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Hair Cloning

Cloning - A new frontier in the world of hair

By Jerry Cooley, M.D.
Charlotte, North Carolina, USA
Dr Jerry Cooley
Dr. Jerry Cooley, M.D
The task of restoring lost hair might conveniently be divided into three categories: redistribution; rejuvenation and regeneration.

Redistribution, also known as hair transplantation, is where doctors try to diminish the appearance of hair loss by spreading the available follicles around in an artful manner.

Rejuvenation is where miniaturized hair follicles are rejuvenated using topical or oral medications like finasteride (Propecia) and minoxidil (Rogaine).

Regeneration of follicles is the dream of cell therapy (often referred to as “cloning) and offers an unlimited supply of hair follicles offering relief not only for those suffering with Androgenic Alopecia, but for burn victims as well.

The possibilities for cloning were first revealed in groundbreaking research in the 1980’s by Scottish researcher Roy Oliver and his student Colin Jahoda which showed that cultured dermal papilla from rat whiskers could be implanted into the slits in their ears and regenerate a hair. Dr. Jahoda has been tight lipped about human research but a 1993 symposium discussion published in the Journal of Investigative Dermatology revealed that he had been successful in reproducing this in humans. Dr. Norman Orentreich, the father of modern hair transplantation, predicted at the time that hair restoration procedures in the future would consist of implanting cultured dermal papilla not whole hair follicles.

Although hair follicle ‘cloning’ is an exciting possibility, little in the way of actual progress is publicly reported at conferences or in journals. Conversations at medical conferences reveal that at least half a dozen groups worldwide are seriously pursuing “cloning” and that some are meeting with at least limited success.

Researchers clone stem cells in laboratoriesDr Jim Vogel and I carried out similar research in the mid-‘90’s in Baltimore. I reported our preliminary results at the 1996 ISHRS meeting in Nashville. In the spirit of self-experimentation I implanted my cultured dermal papilla into my own arm and was able to observe an atrophic hair that grew in one solitary site for a short while and was later shed. Others have claimed to have also reproduced Jahoda’s work but nothing has been published in medical journals.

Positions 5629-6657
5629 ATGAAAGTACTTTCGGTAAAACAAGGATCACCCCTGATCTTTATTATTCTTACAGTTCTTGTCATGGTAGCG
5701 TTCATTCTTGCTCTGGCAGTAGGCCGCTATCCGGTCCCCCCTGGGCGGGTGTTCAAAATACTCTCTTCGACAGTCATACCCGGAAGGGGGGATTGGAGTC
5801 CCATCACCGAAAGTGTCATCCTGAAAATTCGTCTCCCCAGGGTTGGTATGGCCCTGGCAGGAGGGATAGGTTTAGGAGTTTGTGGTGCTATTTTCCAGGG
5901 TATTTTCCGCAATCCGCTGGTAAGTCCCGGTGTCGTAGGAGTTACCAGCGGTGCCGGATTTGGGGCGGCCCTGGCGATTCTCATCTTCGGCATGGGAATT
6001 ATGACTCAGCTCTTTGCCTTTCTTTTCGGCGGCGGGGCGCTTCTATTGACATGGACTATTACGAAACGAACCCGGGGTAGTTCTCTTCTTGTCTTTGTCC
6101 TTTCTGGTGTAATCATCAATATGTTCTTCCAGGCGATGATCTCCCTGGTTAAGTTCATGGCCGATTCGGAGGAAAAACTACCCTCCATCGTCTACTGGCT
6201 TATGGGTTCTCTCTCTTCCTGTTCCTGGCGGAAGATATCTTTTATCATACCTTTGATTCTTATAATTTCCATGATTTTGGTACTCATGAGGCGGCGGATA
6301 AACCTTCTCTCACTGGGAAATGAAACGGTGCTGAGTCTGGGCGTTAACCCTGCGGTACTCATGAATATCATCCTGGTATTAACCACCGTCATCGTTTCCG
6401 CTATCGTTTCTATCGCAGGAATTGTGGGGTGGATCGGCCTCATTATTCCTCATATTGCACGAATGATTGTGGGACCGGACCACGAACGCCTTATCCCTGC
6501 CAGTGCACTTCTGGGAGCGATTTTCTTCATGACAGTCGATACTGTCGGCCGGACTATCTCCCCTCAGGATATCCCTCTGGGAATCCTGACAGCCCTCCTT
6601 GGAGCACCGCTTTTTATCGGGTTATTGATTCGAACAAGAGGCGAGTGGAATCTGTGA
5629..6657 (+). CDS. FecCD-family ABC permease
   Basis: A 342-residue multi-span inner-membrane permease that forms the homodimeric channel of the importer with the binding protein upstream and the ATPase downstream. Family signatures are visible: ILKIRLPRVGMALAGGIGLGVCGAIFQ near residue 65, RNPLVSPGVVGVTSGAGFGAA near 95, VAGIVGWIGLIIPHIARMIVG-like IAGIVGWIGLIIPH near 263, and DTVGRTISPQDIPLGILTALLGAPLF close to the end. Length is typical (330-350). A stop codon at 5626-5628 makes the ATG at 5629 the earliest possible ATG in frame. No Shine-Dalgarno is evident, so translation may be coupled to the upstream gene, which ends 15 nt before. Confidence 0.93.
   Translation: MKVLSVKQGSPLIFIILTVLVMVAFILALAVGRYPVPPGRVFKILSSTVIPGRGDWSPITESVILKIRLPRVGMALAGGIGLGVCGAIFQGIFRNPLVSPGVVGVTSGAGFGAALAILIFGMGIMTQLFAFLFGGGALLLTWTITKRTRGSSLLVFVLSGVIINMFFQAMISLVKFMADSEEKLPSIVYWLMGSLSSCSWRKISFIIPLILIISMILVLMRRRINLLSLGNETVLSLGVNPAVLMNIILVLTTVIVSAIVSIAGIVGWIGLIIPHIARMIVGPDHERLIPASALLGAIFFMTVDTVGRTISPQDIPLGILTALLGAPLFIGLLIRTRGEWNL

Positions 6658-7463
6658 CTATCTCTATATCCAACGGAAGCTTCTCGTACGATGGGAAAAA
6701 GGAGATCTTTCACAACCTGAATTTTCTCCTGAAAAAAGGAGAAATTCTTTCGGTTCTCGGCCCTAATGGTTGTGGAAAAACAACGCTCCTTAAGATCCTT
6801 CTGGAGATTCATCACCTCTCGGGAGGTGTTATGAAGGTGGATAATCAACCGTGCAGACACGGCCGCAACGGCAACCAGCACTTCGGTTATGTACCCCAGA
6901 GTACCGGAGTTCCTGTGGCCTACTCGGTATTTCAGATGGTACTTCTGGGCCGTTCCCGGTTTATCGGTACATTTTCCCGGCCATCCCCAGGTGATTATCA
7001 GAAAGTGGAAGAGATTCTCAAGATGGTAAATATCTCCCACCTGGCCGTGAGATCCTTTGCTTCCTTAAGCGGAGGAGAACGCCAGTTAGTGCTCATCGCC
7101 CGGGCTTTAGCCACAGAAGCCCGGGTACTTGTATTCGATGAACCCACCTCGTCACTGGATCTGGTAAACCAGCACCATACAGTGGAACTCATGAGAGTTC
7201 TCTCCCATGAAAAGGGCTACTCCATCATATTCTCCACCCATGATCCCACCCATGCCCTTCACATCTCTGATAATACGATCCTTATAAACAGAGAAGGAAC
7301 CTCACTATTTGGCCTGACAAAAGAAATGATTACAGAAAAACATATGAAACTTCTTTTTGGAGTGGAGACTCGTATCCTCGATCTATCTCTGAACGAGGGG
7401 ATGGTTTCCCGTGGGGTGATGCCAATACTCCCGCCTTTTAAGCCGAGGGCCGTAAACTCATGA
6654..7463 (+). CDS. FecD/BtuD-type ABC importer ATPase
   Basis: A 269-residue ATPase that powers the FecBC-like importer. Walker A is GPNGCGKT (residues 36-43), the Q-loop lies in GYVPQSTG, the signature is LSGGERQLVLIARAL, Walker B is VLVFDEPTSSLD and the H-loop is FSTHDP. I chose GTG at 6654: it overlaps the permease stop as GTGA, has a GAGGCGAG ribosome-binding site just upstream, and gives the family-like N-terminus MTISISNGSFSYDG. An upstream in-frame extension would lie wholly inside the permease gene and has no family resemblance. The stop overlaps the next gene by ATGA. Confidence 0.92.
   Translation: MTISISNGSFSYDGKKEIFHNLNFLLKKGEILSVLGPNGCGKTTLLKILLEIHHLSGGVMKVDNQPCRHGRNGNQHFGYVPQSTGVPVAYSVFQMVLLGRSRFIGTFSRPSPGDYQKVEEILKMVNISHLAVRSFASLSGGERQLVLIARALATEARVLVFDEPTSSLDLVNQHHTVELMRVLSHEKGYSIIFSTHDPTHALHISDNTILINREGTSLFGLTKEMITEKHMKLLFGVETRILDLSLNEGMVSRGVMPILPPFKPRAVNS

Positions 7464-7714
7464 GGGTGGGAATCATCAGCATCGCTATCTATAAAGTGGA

Even if the basic technique is proven to be consistently reproducible, many other issues present roadblocks. Dr. Jahoda obtained a patent on implanting cultured papilla for hair restoration but subsequently this patent was allowed to expire for various reasons. Any group wishing to mount a successful commercial “cloning” venture must face challenging intellectual property and patent protection issues. The scientific obstacles to implementing this technology are no less daunting. To my knowledge, no one has shown that these regenerated hairs are cosmetically equivalent to native or grafted hairs. Will they look normal? The caliber, curl, or color may be unnatural. Will they grow and cycle normally? Will they give rise to benign or malignant tumors?

The potential application of tissue engineering for treating human hair loss is obvious and exciting. By analogy, cell therapy treatment for burns and ulcers consists of taking a postage size area of skin and growing it in the laboratory to create enough cells to cover an entire football field. These cells can then be used to treat several patients. If the cells of the hair follicle could be multiplied in the laboratory and placed back into the balding scalp, it may be possible to create thousands of hair follicles from that original follicle. In fact, this phenomenon has already been proven feasible in humans. However, this research is currently still in the most preliminary of stages and there are indeed many obstacles to making this treatment safe and effective.

The most important consideration for government regulators such as the Food and Drug Administration (FDA) will be ensuring the safety of cell therapy for hair loss. The chief worry with using laboratory grown cells is that they might cause tumors when placed back into the skin. So far cell therapy for other applications has not been known to be associated with tumor formation. Before granting approval, the FDA would require adequate proof that implanted hair follicle cells did not give rise to any tumors.

Despite these obstacles, tissue engineering and cell therapy holds great promise. They are already being used for a growing list of human diseases and conditions. Successes in these areas may have applications in hair restoration. For example, stem cells in liposuction aspirate may be genetically reprogrammed and stripped of immune system identifiers to give us off-the-shelf designer hair. In this futuristic scenario, anyone walking into our offices might immediately receive implanted hair cells after browsing through various hair samples.

Dr. Jerry Cooley, MD is board certified in dermatology and dermatologic surgery and operates The Hair Center in Charlotte, North Carolina. His website is located at
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